Sofar, unfortunately, the so-called Sunni Alliance has done little to counter Tehran's Shiite strategy. According to newly elected US President Barack Obama's policy in the region, setting his priorities on diplomacy rather than military power- there is little hope for a more aggressive signal to curb Iran's regional ambitions, before they mature.
U.S. relations with Djibouti are good and generally problem free. Djibouti hosts the only U.S. military base in Africa, Combined Joint Task Force-Horn of Africa (CJTF- HOA). Although there is no indication that Djibouti desires to alter its close relationship with the U.S., its recent high-level contact with Iran bears careful watching.
Djibouti serves as the port for nearly all of landlocked Ethiopia’s exports and imports that depart and arrive by sea. Ethiopia has an even greater interest in cordial relations with Djibouti than does the United States. Because Djibouti hosts CJTF-HOA and Ethiopia is dependent on the port, Djibouti becomes an important part of a regional policy for the Horn of Africa. It is also in the interest of the United States to quietly support Djibouti in its dispute with Eritrea. But with Iran already active here, it might be too late and the US should act without delay to stop this strategic asset falling into Tehran's African network.
The United States essentially abandoned Somalia following the departure of U.S. troops from the country in 1994 after the scandalous operation 'Restore Hope' in 1993, better known as the notorious "Battle of Mogadishu", in which the US lost 18 troops in a single day.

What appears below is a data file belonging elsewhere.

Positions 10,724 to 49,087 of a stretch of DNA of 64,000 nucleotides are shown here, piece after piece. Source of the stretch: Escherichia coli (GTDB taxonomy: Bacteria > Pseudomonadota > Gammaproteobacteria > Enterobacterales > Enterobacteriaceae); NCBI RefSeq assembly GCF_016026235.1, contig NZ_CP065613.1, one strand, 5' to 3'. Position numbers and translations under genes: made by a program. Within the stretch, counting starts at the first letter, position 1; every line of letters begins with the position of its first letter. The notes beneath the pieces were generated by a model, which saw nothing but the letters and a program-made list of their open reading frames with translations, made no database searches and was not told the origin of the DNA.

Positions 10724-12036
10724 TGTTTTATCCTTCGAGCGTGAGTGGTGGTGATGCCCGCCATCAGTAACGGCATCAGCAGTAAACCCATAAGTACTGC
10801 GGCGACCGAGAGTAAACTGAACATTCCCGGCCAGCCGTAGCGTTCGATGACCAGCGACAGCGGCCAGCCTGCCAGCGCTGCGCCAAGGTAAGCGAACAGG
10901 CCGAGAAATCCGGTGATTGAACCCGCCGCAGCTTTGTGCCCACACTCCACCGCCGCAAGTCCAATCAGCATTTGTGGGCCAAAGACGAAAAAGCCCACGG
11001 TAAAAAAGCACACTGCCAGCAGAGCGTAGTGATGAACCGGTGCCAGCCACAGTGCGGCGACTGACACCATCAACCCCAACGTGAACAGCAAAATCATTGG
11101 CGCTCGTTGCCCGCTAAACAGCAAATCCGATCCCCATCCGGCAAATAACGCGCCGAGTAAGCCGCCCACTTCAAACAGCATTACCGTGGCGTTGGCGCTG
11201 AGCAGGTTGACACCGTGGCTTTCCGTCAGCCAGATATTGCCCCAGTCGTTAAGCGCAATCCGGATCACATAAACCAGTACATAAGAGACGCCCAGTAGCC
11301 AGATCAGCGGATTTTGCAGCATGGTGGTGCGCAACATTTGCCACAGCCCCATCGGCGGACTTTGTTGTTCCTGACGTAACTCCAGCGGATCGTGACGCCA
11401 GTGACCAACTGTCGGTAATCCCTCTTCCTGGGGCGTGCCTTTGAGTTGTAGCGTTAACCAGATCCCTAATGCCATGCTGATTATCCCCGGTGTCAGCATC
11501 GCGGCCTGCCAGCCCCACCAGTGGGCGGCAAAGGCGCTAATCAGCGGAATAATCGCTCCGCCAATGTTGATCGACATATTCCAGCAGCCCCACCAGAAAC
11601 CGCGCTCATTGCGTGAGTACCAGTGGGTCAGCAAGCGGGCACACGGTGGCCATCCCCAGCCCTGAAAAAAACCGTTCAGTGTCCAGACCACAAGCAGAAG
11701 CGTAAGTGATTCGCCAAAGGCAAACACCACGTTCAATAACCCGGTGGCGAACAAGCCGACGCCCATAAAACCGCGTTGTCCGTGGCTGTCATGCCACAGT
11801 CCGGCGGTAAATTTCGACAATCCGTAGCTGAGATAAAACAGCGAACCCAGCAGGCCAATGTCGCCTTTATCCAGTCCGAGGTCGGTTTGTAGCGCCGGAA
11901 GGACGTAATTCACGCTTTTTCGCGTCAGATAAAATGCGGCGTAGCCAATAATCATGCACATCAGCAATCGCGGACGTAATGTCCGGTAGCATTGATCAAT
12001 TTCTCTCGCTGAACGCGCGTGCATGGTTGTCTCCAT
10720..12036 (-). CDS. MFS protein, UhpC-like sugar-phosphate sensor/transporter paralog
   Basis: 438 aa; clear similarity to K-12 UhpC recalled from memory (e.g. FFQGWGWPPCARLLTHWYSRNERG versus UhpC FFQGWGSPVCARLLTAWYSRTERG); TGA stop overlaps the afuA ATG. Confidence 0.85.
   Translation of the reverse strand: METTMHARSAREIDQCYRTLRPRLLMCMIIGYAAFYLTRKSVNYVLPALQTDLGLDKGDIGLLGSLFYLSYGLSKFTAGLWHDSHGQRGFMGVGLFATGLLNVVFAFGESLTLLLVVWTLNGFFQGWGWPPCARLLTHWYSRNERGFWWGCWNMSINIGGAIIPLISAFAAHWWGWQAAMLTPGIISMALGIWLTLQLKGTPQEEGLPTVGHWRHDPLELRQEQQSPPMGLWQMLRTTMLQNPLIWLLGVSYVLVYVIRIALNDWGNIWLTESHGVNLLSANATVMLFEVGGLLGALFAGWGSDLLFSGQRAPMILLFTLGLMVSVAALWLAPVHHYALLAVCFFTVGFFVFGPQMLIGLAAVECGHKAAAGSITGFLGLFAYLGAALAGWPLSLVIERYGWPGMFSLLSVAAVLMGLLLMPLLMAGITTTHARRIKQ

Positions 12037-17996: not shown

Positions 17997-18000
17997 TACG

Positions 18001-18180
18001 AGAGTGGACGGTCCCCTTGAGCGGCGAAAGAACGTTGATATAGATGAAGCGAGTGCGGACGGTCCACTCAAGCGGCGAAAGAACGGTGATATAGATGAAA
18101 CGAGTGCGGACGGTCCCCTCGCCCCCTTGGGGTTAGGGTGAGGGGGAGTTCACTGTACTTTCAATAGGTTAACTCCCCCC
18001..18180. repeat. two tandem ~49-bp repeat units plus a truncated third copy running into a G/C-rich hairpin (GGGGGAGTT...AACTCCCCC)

In 2002, as part of its newly-declared "war on terror", the US was allowed to set up a military base in the strategic former French colony of Djibouti, which borders Somalia and also faces the southern entrance to the Red Sea. The base - the only military facility which Washington officially possesses on the African continent - is used both to keep an eye on events in Somalia and to patrol the strategic seaways in the Arabian Sea.
But it took a few more years to create a substantial military organization to try and stabilize the critical strategic environment. AFRICOM officially became operational as a sub-unified command of EUCOM with a separate headquarters. On October 1, 2008, the command separated from USEUCOM and began operating on its own as a full fledged Command; however, whether AFRICOM will be able to restore US domination in the Horn of Africa remains questionable. The focus of its operational domain indicates its mission as diplomatic, economic and humanitarian aid, aimed at prevention of conflict, rather than at military intervention. Without a clear strategic directive from highest quarters and deployment of impressive military power in that sensitive region, there is little doubt that Teheran's strategic ambitions in the Horn of Africa will go forth virtually undisturbed.